Those of you who may still be stuck in the rut of only reading the Chicago Sun-Times and Tribune have probably been missing out on some of the best Cubs-related writing out there. Bruce Miles of The Daily Herald
has become a must-read on my morning periodical tour, offering a critical, but objective voice on all things Cubs with a sharp wit to spare. And the fella knows what OBP is as well, which is refreshing.
He was kind enough to answer a few questions on what it's like to follow the Cubs on an everyday basis and give us his thoughts on the past season and the future off-season.
Letís start off with a quick autobiography, how did you eventually come about landing what I can only imagine is a dream job, that of covering a major league team on a daily basis. And if Iím not mistaken, the team you grew up following?
Yes, I grew up in Chicago, following both the Cubs and White Sox in baseball season and the other Chicago teams in their seasons. I wanted to get into sports journalism early on as I had a love of sports, reading and writing. Like many writers, I started off covering high school sports before moving to other things, including a stint on the Sports copy desk at the Daily Herald, where I learned how to put the paper out every night.
Iíve always found the life of a reporter that follows a certain team to be rather intriguing. Iím guessing that over a course of a season you end up forming some decent relationships with the players, coaches and management, yet at times you may need to be critical of that individual in one of your articles. How difficult is it to balance the personal relationships you form and your duties as a journalist? And how difficult is it to face someone after youíve taken them to task in print?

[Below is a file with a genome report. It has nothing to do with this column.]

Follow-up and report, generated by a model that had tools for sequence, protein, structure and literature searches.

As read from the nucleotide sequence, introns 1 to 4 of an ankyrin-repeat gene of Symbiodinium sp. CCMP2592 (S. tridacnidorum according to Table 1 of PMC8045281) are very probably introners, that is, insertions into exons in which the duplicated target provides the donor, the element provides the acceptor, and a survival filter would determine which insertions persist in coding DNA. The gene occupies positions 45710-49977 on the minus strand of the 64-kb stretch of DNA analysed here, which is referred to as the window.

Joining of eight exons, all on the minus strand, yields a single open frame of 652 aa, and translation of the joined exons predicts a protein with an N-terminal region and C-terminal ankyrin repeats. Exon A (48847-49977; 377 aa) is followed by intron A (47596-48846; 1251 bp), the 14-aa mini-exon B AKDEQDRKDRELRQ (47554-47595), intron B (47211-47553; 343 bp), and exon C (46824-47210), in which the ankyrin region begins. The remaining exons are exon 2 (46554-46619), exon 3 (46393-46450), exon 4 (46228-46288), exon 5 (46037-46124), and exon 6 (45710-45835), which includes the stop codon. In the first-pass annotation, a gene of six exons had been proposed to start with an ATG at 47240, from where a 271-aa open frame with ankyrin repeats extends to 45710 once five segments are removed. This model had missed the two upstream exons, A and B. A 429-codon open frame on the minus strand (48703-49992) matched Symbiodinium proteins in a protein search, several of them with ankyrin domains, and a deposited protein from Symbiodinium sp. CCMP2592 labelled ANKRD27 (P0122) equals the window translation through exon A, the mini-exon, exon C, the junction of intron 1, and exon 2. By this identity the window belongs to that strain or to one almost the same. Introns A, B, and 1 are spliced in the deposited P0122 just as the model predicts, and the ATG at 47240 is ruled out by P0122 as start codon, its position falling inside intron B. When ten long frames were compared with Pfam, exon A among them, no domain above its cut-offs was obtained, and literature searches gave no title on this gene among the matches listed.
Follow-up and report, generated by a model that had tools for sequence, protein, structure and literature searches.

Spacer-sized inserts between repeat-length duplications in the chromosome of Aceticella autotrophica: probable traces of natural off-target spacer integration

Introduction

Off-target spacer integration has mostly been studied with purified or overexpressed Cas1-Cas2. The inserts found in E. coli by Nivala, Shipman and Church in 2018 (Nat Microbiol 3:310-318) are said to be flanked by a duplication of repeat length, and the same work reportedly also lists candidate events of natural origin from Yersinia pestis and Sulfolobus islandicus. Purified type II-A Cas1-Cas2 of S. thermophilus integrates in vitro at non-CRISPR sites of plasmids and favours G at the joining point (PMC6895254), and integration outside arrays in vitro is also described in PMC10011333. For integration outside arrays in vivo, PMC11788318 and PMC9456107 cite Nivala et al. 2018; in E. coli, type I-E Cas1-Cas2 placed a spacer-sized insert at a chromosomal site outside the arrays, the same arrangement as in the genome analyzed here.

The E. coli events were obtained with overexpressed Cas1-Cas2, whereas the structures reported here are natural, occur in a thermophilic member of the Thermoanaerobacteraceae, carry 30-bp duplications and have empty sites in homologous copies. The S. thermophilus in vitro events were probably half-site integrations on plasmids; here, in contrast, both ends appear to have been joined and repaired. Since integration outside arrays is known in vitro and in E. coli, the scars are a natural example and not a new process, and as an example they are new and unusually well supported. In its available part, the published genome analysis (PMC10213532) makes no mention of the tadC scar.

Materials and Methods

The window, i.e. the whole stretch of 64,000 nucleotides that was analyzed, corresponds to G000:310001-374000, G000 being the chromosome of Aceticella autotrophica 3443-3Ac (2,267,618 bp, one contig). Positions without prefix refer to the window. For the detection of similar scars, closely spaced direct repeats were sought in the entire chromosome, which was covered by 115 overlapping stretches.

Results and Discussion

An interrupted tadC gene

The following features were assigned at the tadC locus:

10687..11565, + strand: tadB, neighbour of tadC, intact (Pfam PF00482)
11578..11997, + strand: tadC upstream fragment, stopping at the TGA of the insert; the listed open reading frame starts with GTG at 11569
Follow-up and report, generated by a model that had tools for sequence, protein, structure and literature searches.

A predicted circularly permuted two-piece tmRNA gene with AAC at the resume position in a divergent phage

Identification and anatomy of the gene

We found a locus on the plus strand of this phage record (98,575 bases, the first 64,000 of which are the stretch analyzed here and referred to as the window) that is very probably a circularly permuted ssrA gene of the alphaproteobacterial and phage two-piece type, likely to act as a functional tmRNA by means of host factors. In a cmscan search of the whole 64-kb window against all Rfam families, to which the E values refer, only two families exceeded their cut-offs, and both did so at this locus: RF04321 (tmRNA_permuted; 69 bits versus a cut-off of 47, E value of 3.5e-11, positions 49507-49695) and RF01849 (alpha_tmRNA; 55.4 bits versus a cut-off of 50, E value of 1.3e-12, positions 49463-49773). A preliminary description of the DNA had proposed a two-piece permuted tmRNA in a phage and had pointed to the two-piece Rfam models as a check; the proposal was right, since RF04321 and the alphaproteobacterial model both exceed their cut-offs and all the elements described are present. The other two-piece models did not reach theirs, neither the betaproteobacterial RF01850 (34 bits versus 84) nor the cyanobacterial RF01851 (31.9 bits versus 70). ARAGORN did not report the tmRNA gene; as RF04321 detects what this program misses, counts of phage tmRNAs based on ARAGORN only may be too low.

Itís a balancing act, but Iíve always found that if Iím fair in my criticism and never get personal in that criticism, things will be fine. The good players will tell you: ìIf I played poorly, write that I played poorly. Just donít get personal.î And Iíve always made myself available whenever Iíve criticized a player, manager or management person.
Earlier this season, Paul Sullivan of the Tribune made some headlines when Andy Macphail and Jim Hendry took exception to a few of his articles (I believe regarding Jacque Jones). Have you ever felt any pressure from the Cubs powers-that-be to temper your criticism of anyone in the organization?
Youíve made your presence felt a few places beyond your own paperís site, most notably showing up on the message boards over at North Side Baseball. Why have you embraced fan sites like ours and do they help you in any way with your writing?
Iíve never wanted to feel ìaloofî from the readers. I learn a lot from them. Many are much more well versed in aspects of the game than I am. I have the advantage of access. Everybody has their blind spots. Iíve learned to cover a few of mine by listening to the readers.